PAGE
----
Monthly Archives: March 2017

The Key to Early Recognition of Potential Change in Structure

 

The key to early recognition of potential change in structure is in observing and identifying "SOMETHING DIFFERENT".

I absolutely love this example which has been building now since the beginning of the year.

The key to early recognition of potential change in structure

This does not mean that the uptrend will end.

It's just a warning sign.

A clue that the sentiment driving the market prior to this date has changed in some way.

A clue that there is "potential" for a change in market structure.

And for those of you who recognise this clue, the potential to more quickly adapt to any change in structure as it happens, or even before the technical change has occurred.

(By the time I publish this article the market may well have made this change. Be sure to check out the charts if you wish to see what happens next.)

For those of you who wish to join the ranks of professional traders, this is a skill you need to build. Quickly recognising and adapting to changes in the market.

And step one in that process is early recognition of "something different".

All markets.

All timeframes.

The key to early recognition of potential change in structure

I'm just stunned by that last fact.

Skip the table below if you wish, but I personally find it amazing!  (Yep… I'm a charting nerd!)

3rd Jan: Mid-Close Range 1st Feb: Mid-Close Bull 1st Mar: Mid-Close Bull
4th Jan: High-Close Bull 2nd Feb: Low-Close Range 2nd Mar: Low-Close Range
5th Jan: High-Close Bull 3rd Feb: Mid-Close Range 3rd Mar: High-Close Range
6th Jan: High-Close Bull 6th Feb: High-Close Range 6th Mar: High-Close Range
9th Jan: High-Close Bull 7th Feb: Low-Close Bull 7th Mar: Low-Close Range
10th Jan: Mid-Close Bull 8th Feb: High-Close Range 8th Mar: Mid-Close Range
11th Jan: High-Close Range 9th Feb: High-Close Bull 9th Mar: High-Close Range
12th Jan: High-Close Range 10th Feb: High-Close Bull 10th Mar: Mid-Close Bull
13th Jan: High-Close Bull 13th Feb: High-Close Bull 13th Mar: High-Close Bull
16th Jan: Low-Close Range 14th Feb: High-Close Bull 14th Mar: High-Close Range
17th Jan: Mid-Close Bear 15th Feb: High-Close Bull 15th Mar: High-Close Bull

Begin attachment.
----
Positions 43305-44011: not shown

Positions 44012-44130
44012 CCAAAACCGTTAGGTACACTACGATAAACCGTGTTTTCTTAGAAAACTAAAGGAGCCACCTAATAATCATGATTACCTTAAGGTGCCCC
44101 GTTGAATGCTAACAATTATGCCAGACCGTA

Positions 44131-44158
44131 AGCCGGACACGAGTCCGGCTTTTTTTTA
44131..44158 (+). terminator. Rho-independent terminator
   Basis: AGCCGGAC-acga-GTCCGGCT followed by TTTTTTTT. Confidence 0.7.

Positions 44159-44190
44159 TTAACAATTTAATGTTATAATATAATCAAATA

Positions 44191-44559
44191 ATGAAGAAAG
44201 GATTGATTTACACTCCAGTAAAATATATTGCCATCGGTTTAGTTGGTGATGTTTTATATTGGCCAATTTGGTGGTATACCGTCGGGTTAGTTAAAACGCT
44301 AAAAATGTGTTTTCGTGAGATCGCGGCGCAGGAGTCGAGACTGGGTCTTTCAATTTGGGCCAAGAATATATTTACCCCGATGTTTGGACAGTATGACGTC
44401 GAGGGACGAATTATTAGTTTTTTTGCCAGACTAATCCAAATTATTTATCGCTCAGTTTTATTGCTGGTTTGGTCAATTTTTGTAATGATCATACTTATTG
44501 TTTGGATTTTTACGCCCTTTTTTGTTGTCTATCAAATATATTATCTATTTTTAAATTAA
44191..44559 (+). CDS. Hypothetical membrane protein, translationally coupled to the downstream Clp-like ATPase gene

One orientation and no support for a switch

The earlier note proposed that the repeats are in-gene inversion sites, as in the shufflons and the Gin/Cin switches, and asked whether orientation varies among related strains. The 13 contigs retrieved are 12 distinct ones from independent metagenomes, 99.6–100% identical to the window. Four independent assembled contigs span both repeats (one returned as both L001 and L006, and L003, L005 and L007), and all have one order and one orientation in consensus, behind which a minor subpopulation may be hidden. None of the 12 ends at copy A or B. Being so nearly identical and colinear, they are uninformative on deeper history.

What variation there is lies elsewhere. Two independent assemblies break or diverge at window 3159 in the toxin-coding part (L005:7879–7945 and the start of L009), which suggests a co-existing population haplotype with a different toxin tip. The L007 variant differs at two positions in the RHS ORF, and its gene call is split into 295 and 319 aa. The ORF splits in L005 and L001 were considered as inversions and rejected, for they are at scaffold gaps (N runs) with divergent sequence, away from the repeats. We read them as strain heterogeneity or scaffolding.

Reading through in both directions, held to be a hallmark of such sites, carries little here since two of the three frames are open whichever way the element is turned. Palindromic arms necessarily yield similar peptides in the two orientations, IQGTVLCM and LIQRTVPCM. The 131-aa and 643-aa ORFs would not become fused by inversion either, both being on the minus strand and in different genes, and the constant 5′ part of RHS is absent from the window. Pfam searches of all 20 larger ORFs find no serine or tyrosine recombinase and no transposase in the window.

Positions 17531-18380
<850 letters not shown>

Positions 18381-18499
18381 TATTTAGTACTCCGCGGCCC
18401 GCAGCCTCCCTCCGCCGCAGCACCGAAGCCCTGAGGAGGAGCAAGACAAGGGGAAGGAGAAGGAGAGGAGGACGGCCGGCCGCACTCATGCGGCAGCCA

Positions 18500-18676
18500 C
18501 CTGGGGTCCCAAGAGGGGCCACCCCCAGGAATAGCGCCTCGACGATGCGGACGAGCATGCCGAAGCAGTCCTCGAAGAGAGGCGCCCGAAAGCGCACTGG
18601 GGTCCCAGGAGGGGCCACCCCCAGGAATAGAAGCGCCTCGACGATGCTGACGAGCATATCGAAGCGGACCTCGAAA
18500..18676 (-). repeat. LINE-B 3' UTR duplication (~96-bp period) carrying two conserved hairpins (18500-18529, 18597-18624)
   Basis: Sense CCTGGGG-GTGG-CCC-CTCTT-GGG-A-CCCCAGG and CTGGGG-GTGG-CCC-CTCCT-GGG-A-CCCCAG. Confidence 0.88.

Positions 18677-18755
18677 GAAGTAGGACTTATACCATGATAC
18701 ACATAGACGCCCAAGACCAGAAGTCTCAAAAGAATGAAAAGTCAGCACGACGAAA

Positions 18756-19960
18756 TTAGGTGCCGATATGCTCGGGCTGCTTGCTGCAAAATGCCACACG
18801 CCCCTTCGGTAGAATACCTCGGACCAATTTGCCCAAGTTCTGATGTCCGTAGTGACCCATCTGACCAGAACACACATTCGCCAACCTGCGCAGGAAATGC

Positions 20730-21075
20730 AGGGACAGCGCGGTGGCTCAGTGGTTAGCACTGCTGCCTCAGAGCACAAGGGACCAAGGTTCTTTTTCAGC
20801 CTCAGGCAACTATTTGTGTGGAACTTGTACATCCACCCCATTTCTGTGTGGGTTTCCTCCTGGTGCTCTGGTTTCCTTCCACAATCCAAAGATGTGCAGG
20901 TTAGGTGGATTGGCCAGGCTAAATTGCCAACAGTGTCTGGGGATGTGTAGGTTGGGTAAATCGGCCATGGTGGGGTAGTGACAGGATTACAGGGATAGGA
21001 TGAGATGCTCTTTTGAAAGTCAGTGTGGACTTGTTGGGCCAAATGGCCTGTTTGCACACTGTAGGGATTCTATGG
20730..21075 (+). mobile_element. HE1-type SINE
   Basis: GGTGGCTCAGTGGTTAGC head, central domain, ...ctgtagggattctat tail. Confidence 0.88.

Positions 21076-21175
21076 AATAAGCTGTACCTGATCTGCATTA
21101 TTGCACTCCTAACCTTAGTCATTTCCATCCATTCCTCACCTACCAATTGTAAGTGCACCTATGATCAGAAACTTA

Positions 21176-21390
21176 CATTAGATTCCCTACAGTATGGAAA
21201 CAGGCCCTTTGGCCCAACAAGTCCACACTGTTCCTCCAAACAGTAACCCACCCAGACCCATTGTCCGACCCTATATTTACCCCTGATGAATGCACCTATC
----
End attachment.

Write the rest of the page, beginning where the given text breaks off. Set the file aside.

18th Jan: High-Close Bull 16th Feb: Mid-Close Range 16th Mar: Mid-Close Range
19th Jan: Mid-Close Range 17th Feb: High-Close Bull 17th Mar: Low-Close Range
20th Jan: Mid-Close Range 20th Feb: High-Close Bull 20th Mar: Mid-Close Range
23rd Jan: High-Close Range 21st Feb: Mid-Close Range 21st Mar: Low-Close Bear
24th Jan: High-Close Bull 22nd Feb: High-Close Range  
25th Jan: High-Close Bull 23rd Feb: Mid-Close Bear  
26th Jan: Low-Close Range 24th Feb: High-Close Range  
27th Jan: High-Close Range 27th Feb: High-Close Bull  
30th Jan: Mid-Close Bear 28th Feb: Mid-Close Range  
31st Jan: High-Close Range    

 

(See here if you're not familiar with this form of candlestick classification – Parts: One Two Three Four Five )

The key to early recognition of potential change in structure is in observing and identifying "SOMETHING DIFFERENT".

In a stable trend, watch for changes in volatility, or in the pace of the trend. Watch for changes in the way that price swings project beyond the previous swing high or low. Or in changes to the depth of pullbacks. Or, as in today's example, watch for a sudden and strong move counter-trend.

In a stable sideways market, watch again for sudden changes in volatility. Or sudden and dramatic increases in volume. Or (one of my favourites) watch for signs of price compression towards either the upper or lower boundaries of the range.

Something different in the way that price has been moving.

Observe it.

Question it. What could it mean? Could this in any way provide a clue to a potential change in structure?

Now… watch and adapt.

The key to early recognition of potential change in structure

The key to early recognition of potential change in structure

The key to early recognition of potential change in structure